Nevertheless, in some moderate Islamic countries, like in Malaysia (a Sunni Muslim country), women tend to wear a veil that covers the head, neck and ears, and they wear pants and long shirts not to reveal their beauties, or they can also wear long dresses not revealing their flesh. As for moderate Shiites, they also get dressed in the same way, but they try to differentiate themselves in a certain way just to recognize each other. For instance, in Lebanon moderate Shiite women wear their veil in a different way where they put a pin on the left side which would make it look different and recognizable.
- Difference in prayers: Since the days of the prophet, when calling the faithful for prayer, Muslims invoke God and the prophet Mohammad, but Shiites added Ali. Muslims (Sunnis and Shiites) use a small rug or carpet in their prayers. They kneel, bend and touch their forehead to the ground, but Shiites unlike Sunnis touch their heads to a small stone called turba, from the holy city of Najaf. When they pray, Sunnis keep their arms one folded over the other just below the rib cage, while Shiites keep their arms down. Additionally, there are differences in times of the prayer, where Shiites are minutes behind Sunnis, perhaps just to emphasize the difference. That difference goes also to the fasting time during the fasting month of Ramadan, where they break their fasting at slightly different timing and celebrate the end of Ramadan (the ‘Id) a day or two apart.
As for women, whether Sunni or Shiite, Islam favored men over women; women according to the Quran are not equal to men, so they pray at home and not with men in mosques. Men and women are not even allowed to mix together in public places or schools on any occasion.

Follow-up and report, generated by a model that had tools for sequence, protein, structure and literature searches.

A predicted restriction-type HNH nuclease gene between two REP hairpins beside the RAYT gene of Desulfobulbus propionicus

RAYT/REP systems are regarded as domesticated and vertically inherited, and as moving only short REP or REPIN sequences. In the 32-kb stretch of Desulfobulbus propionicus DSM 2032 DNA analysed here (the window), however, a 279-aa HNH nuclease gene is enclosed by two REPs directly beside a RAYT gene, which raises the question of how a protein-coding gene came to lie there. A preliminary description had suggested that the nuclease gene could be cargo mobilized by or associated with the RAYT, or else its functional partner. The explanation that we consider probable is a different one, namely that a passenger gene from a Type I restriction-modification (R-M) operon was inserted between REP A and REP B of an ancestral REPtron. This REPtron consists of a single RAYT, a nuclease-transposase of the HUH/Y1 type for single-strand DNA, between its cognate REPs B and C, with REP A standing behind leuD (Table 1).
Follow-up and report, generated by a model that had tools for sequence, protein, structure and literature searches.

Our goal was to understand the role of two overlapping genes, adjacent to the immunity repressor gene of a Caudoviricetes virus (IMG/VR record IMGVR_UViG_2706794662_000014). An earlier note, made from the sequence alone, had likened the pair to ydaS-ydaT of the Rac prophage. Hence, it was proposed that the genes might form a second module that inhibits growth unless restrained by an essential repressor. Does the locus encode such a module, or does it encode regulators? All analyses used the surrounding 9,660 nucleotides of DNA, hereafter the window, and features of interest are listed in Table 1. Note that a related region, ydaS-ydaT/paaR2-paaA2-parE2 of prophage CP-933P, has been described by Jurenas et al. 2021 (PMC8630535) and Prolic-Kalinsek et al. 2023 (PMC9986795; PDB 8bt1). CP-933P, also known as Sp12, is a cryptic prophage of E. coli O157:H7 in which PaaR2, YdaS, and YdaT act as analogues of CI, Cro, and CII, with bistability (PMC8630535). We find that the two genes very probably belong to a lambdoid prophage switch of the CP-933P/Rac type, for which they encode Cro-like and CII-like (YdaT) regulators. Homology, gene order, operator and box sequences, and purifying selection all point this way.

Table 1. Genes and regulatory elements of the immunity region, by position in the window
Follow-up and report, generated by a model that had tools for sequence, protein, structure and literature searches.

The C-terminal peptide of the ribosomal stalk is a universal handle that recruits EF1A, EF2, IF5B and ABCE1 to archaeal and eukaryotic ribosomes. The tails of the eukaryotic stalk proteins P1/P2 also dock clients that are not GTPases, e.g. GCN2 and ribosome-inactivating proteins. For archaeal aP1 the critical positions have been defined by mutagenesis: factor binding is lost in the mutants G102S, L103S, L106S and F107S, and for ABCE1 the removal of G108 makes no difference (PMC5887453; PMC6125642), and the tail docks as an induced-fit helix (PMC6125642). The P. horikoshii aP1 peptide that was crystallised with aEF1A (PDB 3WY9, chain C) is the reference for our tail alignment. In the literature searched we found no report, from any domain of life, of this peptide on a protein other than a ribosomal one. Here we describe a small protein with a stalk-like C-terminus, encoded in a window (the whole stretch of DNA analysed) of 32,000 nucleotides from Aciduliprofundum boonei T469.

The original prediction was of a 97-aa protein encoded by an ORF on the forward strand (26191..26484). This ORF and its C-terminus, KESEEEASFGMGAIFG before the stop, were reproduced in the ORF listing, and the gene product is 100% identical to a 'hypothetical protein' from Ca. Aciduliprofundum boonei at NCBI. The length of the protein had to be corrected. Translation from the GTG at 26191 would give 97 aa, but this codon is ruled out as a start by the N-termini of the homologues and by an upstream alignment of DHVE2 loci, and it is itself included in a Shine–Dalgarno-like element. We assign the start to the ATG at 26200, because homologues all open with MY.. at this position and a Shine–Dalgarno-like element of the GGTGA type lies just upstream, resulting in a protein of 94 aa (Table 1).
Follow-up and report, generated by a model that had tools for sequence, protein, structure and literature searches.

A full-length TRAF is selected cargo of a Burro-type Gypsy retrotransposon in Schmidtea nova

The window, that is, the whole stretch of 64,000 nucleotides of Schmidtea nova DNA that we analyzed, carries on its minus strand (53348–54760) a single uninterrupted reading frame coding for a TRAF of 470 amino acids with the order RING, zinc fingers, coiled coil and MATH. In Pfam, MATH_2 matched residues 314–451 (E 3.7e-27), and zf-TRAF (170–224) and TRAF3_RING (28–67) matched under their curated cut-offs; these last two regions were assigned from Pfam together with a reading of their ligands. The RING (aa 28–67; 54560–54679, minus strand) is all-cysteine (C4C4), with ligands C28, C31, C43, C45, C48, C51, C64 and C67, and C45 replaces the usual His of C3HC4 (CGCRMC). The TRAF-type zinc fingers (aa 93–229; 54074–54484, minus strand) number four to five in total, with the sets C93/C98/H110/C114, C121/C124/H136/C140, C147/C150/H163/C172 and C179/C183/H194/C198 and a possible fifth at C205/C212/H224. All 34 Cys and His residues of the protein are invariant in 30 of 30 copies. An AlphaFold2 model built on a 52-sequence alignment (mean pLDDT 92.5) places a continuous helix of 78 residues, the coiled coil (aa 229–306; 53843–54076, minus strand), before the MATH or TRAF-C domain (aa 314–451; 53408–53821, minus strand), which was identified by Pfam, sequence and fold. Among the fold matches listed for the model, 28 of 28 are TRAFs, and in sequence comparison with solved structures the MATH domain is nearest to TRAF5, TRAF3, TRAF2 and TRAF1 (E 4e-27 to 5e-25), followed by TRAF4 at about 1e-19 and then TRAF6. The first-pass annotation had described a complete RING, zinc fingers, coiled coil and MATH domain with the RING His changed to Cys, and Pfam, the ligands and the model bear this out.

Sunnis pray in mosques, and those mosques have domes and minarets, while Shiites pray and worship most often in Husseiniya (no domes or minarets), which functions like a mosque and a community center and a place where they share condolences during the memory of Hussein’s death, son of Ali.
- Rituals: Both Sunnis and Shiites celebrate the birth of their prophet, and the Ezra day, but only the Shiites have the Ashura day, where they gloomily commemorate the killing of Hussein the son of Ali by Sunnis, one reason why these two sects have hatred for each other. They share condolences for ten days in Husseiniya (you can see that the word is derived from the name Hussein). For ten days, Shiite men are dressed black, and they don’t shave their beards. Secular women wear no make-up or perfume, and if they have a veil, it must be black. On the tenth day, they march on the streets and beat their chests in mourning. Some whip themselves and cut their heads and hit on it to bleed, because by this they show how much they regret not preventing that from happening. By Sunnis, this is seen as something unpleasant, and uncivilized.
I’m sure one can find more differences between those two Islamic sects. I hope my experience derived from living among them and having friends from both sects will help you to tell the difference if you need to.